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Bill allowing force feeding young inmates approved by committe

Published February 19, 2014 7:04 pm

This is an archived article that was published on sltrib.com in 2014, and information in the article may be outdated. It is provided only for personal research purposes and may not be reprinted.

A Senate committee passed a bill Wednesday that would allow the Utah Division of Juvenile Justice Services to get a court order to forcibly feed and hydrate inmates in its custody between the ages of 18 to 21

The panel passed HB50 unanimously; it now goes to the Senate floor.

Juvenile Justice director Susan Burke said the proposal comes in response to a situation the division has never had to deal with before.

An 18-year-old inmate has decided to sporadically not eat or drink and the department has no legal power to make him eat to protect his health, Burke said. His health is monitored daily and he is taken to the emergency room when his condition is severe. So far, he has racked up more than $80,000 in medical costs.

"We certainly create a risk of liability to the state if something were to happen to this young man and we're not able to intervene in a more timely manner," Burke said.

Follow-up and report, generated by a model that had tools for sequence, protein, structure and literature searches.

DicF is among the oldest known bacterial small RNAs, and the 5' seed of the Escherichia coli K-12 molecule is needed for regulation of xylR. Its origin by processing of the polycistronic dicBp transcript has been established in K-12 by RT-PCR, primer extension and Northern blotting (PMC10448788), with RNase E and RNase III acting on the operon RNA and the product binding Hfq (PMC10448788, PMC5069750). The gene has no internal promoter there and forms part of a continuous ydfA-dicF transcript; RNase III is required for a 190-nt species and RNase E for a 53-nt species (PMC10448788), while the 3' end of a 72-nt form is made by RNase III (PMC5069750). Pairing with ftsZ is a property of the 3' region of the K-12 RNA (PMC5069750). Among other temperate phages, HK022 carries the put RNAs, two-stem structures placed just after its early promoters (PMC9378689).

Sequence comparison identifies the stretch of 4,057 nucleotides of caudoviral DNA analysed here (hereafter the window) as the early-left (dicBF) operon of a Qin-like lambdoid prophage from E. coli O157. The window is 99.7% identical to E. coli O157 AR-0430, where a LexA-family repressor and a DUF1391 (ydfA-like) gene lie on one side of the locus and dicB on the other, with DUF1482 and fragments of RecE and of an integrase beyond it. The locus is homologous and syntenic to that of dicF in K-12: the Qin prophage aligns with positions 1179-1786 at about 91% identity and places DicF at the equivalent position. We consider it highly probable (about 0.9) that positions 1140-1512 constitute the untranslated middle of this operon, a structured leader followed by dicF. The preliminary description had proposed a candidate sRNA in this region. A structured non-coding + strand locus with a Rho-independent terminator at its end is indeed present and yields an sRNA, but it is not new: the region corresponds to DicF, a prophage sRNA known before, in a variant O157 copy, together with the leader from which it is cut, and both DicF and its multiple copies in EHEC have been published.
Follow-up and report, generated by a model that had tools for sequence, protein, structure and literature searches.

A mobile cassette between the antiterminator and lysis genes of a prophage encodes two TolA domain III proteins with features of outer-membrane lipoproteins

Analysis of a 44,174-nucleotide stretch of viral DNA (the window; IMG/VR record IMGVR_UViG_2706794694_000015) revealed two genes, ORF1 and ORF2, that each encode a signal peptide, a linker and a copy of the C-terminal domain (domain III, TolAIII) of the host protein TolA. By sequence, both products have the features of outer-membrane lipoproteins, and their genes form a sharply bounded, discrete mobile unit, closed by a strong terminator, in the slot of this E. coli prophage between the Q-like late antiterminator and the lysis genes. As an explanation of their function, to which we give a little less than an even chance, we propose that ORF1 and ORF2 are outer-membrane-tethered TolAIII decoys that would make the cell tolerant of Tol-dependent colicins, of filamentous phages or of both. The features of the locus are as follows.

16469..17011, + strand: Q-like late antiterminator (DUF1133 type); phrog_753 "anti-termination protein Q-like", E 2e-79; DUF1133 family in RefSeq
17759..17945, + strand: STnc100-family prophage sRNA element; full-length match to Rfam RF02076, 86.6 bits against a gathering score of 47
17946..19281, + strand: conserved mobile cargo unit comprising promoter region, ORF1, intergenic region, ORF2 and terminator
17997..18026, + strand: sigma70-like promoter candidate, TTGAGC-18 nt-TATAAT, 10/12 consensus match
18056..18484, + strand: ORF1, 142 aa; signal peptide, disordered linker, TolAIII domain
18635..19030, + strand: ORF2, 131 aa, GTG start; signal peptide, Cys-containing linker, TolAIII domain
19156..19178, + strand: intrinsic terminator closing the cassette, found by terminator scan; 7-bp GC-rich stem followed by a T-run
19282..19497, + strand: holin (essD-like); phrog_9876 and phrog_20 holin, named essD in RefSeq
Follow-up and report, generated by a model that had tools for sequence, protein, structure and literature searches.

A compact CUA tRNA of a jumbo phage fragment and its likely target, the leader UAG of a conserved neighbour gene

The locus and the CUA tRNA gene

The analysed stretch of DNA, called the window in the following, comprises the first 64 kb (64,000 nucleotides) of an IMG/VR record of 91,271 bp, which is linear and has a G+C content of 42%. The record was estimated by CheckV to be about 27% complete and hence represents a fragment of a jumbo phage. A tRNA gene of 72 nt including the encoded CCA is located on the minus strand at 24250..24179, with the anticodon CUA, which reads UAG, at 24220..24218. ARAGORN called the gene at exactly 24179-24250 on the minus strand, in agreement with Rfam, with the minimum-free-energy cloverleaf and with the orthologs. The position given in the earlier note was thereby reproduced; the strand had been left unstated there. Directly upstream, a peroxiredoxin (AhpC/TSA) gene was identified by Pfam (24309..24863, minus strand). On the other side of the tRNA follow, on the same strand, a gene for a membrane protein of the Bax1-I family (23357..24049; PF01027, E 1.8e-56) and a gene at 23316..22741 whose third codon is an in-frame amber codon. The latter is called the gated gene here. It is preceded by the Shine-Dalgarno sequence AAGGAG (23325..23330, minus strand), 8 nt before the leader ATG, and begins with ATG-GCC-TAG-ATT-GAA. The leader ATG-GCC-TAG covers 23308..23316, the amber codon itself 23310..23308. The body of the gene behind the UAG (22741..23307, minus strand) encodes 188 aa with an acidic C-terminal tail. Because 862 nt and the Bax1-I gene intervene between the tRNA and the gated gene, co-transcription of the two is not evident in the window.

Bill Sponsor Rep. Richard Greenwood, R-Roy, said most of the man's medical expenses have been covered by his family's insurance and Medicaid.

"We were fortunate on this, I think, because many of the youth perhaps do not have the coverage that this man had and had that coverage not been there the liability would have been on the state," Greenwood said.

Children can stay under the jurisdiction of juvenile court after they turn 18 until the age of 21 if they are already in the court's jurisdiction and the court feels it is in the best interest of the child to keep him or her in the system, Greenwood said.